This was undoubtedly Milla’s tournament. Milla, aged 36, announced his retirement from international football in 1988 but two years later he received a phone call from the President of Cameroon, Paul Biya, who pleaded for a U-turn. Milla obliged and the rest was history. Due to his performances in Italy, he was once again named African Footballer of the Year. There was a gap of 14 years between this honour and his first. Milla also made the World Cup All-Star Team though placed in the reserves list.

  • Generational impact

Milla’s second goal celebration against Colombia — running to the corner flag and performing a dance — became iconic. It was even used by Coca-Cola in ads during the 2010 World Cup, the first time an African nation held the competition.

“It remains in our collective memory – it actually changed the perception the world had of African football,” Paulo Teixeira, a photographer at the tournament, told CNN in 2015.

“Milla dancing in front of the corner flag became a hit. It was an image of joy, of positive energy, communication through body language. Those goals put Cameroon, and ultimately African football, on the world map.”

Senegal, 2002

  • Tournament progression: Quarter-finals (two wins, two draws and one loss)

After repeated attempts, Senegal made their Fifa World Cup debut in 2002, the same year they finished as African Cup of Nations runners-up. Just like Cameroon a decade prior, the Lions of Teranga put the entire competition on notice when they inflicted an opening-day loss on defending champions France, who never truly recovered. Consecutive draws with Denmark and Uruguay ultimately saw them progress from the group stage. An extra-time win over Sweden followed but the shoe was on the other foot when Turkey needed an extra 30 minutes to eliminate Bruno Metsu’s side in the final eight.

  • Goals scored: 7

Papa Bouba Diop netted that famous winner against Les Bleus, and he would register two more in their final Group A meeting with Uruguay. He would finish as their leading scorer with Henri Camara one behind. Camara’s second effort of the championship was the Golden Goal against Sweden. Salif Diao was Senegal’s other goalscorer, the future Stoke City stalwart netting in their 1-1 draw with Denmark.

  • Goals conceded: 6

Half of the goals Senegal conceded were in that entertaining 3-3 stalemate with Uruguay. Jon Dahl Tomasson, Henrik Larsson and İlhan Mansız also managed to score past them. İlhan’s effort was the Golden Goal-winner for Turkey.

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  • Most Valuable Player

A number of Senegal’s players made lucrative transfers following their performances in Japan/Korea. Among them was El Hadji Diouf, who sealed a switch to Liverpool. Although the controversial forward never scored, he was undoubtedly a talismanic figure, with Sadio Mane once referring to him as the “best player in the history of our dear country.” Diouf was Senegal’s sole representative in their All-star team, lining up alongside Miroslav Klose, Ronaldo and Hasan Şaş as the forwards selected.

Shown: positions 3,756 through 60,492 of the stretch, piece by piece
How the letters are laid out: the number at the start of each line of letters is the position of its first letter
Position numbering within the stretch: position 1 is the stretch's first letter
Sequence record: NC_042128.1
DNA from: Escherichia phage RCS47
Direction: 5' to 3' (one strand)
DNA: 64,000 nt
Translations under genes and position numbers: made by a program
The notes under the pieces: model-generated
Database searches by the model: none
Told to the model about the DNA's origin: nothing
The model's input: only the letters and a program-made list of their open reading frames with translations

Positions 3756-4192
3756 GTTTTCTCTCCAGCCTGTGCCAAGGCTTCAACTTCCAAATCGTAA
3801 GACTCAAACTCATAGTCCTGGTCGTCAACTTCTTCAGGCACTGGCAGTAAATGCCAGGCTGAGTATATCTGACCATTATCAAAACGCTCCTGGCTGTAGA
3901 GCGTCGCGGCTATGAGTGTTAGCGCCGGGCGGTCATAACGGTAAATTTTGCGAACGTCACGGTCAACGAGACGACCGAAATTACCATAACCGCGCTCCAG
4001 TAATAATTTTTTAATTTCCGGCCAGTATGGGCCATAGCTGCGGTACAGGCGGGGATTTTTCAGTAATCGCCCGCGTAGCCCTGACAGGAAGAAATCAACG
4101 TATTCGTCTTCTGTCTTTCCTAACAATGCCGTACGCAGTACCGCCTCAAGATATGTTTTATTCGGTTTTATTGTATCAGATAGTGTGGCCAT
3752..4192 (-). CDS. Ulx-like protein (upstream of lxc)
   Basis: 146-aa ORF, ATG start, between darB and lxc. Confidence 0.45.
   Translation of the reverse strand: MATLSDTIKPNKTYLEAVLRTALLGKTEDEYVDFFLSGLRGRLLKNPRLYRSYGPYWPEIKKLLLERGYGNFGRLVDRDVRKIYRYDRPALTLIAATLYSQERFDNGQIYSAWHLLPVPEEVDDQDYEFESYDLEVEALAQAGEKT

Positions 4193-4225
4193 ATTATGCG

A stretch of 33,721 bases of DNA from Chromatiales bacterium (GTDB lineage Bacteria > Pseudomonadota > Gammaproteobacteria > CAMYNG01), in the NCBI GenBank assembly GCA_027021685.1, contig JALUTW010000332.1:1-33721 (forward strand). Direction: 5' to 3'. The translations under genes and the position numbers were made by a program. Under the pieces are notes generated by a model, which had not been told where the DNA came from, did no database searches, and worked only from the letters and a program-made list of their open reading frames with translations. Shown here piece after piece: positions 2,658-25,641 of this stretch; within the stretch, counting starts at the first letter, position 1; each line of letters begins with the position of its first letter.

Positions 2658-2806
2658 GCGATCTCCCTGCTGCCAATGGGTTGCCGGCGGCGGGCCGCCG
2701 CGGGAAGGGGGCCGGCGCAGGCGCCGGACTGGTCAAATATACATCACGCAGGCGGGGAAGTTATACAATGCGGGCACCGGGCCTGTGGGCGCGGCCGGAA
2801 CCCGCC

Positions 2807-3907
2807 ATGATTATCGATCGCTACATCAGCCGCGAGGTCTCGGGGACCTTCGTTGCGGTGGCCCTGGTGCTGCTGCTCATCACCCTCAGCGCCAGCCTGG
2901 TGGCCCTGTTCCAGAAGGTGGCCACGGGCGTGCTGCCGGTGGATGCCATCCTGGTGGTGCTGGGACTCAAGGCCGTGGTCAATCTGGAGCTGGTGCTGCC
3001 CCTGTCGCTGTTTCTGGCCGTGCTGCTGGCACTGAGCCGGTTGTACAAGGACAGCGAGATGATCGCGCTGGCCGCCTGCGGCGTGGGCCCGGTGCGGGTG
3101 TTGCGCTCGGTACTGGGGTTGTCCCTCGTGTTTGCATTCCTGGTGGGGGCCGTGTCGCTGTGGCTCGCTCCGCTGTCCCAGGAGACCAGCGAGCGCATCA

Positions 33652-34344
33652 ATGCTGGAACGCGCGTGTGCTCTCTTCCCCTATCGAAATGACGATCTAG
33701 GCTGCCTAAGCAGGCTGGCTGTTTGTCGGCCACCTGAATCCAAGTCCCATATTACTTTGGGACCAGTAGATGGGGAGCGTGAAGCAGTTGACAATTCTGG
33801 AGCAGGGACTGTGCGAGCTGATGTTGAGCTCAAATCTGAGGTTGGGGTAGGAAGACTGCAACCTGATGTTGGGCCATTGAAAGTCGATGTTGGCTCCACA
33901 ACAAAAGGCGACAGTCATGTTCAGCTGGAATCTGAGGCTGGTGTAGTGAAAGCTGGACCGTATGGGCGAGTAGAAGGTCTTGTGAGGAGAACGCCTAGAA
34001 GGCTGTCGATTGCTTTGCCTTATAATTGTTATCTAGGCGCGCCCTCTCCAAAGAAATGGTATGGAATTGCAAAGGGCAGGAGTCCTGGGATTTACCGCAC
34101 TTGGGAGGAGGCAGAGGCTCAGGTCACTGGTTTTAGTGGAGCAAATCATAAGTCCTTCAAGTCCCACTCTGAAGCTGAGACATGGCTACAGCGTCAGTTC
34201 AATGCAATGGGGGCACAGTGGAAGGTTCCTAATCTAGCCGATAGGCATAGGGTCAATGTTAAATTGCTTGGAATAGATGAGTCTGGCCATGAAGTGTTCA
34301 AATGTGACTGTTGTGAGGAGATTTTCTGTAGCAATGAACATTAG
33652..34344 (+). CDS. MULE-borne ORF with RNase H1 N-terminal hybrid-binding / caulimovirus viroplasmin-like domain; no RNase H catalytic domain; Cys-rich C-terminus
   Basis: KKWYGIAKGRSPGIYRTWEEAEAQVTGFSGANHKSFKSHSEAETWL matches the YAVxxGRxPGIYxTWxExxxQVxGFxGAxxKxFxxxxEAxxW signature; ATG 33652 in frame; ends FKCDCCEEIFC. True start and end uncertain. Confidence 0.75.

• Generational impact

“We wanted to keep making waves like Cameroon had done with Roger Milla and Co when they made it to the quarter-finals in 1990,” Diouf later reminisced in an interview with FIFA. “We owed it to ourselves to create a bit of African and World Cup history, because you can say what you like, but Senegal’s win over France is the greatest victory the tournament has ever seen.”

Ghana 2010

  • Tournament progression: Quarter-finals (two wins, two draws and one loss)

Ghana had made their World Cup finals debut four years earlier when they reached the Round of 16, progressing from a group including the Czech Republic, United States and eventual winners Italy. But a date with Brazil — featuring a record-chasing Ronaldo — in the first knockout round proved to be a bridge too far. The four-time African champions would go one better on continental soil.

A win over Serbia was followed by a draw with Australia before Germany eked out a slender victory at Ghana’s expense. It was still enough for progression, and with their Round of 16 meeting with the USA heading for extra time, Ghana pulled off a very late winner. Uruguay then stood between them and history. That infamous game will forever be remembered for Luis Suárez’s controversial handball at the end of extra time. It went to penalties and the South Americans triumphed 4-2.

  • Goals scored: 5

Milovan Rajevac’s side wasn’t the most prolific all competition, although the majority of their goals came after the group stage. Asamoah Gyan was the Black Stars’ top scorer with three goals. Kevin-Prince Boateng and Sulley Muntari also found the net in South Africa.

  • Goals conceded: 4

Ghana kept one clean sheet, which came in their opening game against Serbia, though no side managed to score more than once past them in a single game. Brett Holman, Mesut Özil, Landon Donovan and Diego Forlán were the four to celebrate a goal past them.

  • Most Valuable Player

Gyan and it’s not close. His treble remains the most a Ghanaian player has scored in a World Cup finals.

  • Generational impact

Ghana’s run unfortunately will be remembered for how it ended and the controversy that surrounded their quarter-final finish. Dominic Adiyiah’s header deep into extra time was going in but for Suárez’s blatant handball. Gyan subsequently missed the following spot-kick as it hit the crossbar.

“It was the single most painful experience for many Ghanaian football fans to date. Just the emotion of thinking Ghana were through to the semis and blowing it was devastating,” Michael Oti Adjei, a sports journalist, told the Independent.